Back in the early to mid 1970s, I built
a Sterling Cirrus sailplane kit. Shortly thereafter I bought my first radio control
system (a used 3-channel
OS Digitron set), and in a somewhat desperate attempt to fly an RC glider,
actually managed to cram two of its huge servos, a huge metal-cased receiver, and a NiCad
airborne battery pack (the only part that has not gotten smaller in the intervening
50 years) into the cockpit area. Although the cockpit was very spacious, the balsa
frame construction was way too weak to support a radio system, but that didn't stop
me... well, not right away anyway. The ready-to-fly weight was probably three times
the recommended 12 ounce nominal.
Although the Cirrus has a generous 87-5/16"
wingspan, with it 25:1 aspect ratio, the root chord is only a little over 4" and
the wingtip chord is around 1". Even with vertical sheer webbing between the upper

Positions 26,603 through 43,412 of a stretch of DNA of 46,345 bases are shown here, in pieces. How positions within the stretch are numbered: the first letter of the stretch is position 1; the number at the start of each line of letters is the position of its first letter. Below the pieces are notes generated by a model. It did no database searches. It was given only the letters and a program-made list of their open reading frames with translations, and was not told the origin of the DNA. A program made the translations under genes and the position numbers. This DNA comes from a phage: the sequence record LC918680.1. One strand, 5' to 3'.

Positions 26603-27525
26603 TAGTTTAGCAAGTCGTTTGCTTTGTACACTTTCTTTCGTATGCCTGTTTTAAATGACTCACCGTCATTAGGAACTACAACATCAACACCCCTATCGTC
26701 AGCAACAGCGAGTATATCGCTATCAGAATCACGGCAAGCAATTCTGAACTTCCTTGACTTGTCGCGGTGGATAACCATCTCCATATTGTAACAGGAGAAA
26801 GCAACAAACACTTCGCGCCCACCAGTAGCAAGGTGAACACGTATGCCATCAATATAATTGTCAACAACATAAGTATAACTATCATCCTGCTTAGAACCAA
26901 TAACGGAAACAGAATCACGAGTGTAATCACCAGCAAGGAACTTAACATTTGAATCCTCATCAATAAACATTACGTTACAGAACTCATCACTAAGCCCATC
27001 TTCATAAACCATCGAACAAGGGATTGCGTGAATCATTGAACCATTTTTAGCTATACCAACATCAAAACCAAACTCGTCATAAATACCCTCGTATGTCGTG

and lower main spars, the wing was far too weak for so much weight. After much work
covering the undercambered airfoil and compound curves around the fuselage with
Japanese tissue and brushing on a few coats of clear dope, it was finally ready
The first couple "flights" consisted of tossing the Sterling Cirrus off a little
ridge about 3 feet high, at
in Mayo, Maryland. The flimsy wings flexed up into an extreme curve - it's amazing
that they didn't break. The landings were in soft, long grass, so the craft survived.
That was all well and good, but it was not exactly satisfying flying. Somehow, I
talked my father, who was skinny and no athlete, into running with a tow line in
an attempt to get it aloft. Between the two of us, the Cirrus was rendered unusable
after about an hour. Oh well, live and learn (or don't learn).
May 12, 2021 Update: At long last I managed to get a nice Sterling Cirrus
Sailplane kit on an eBay auction at a reasonable price! All the photos shown here
are from my kit.
Posted May 8, 2019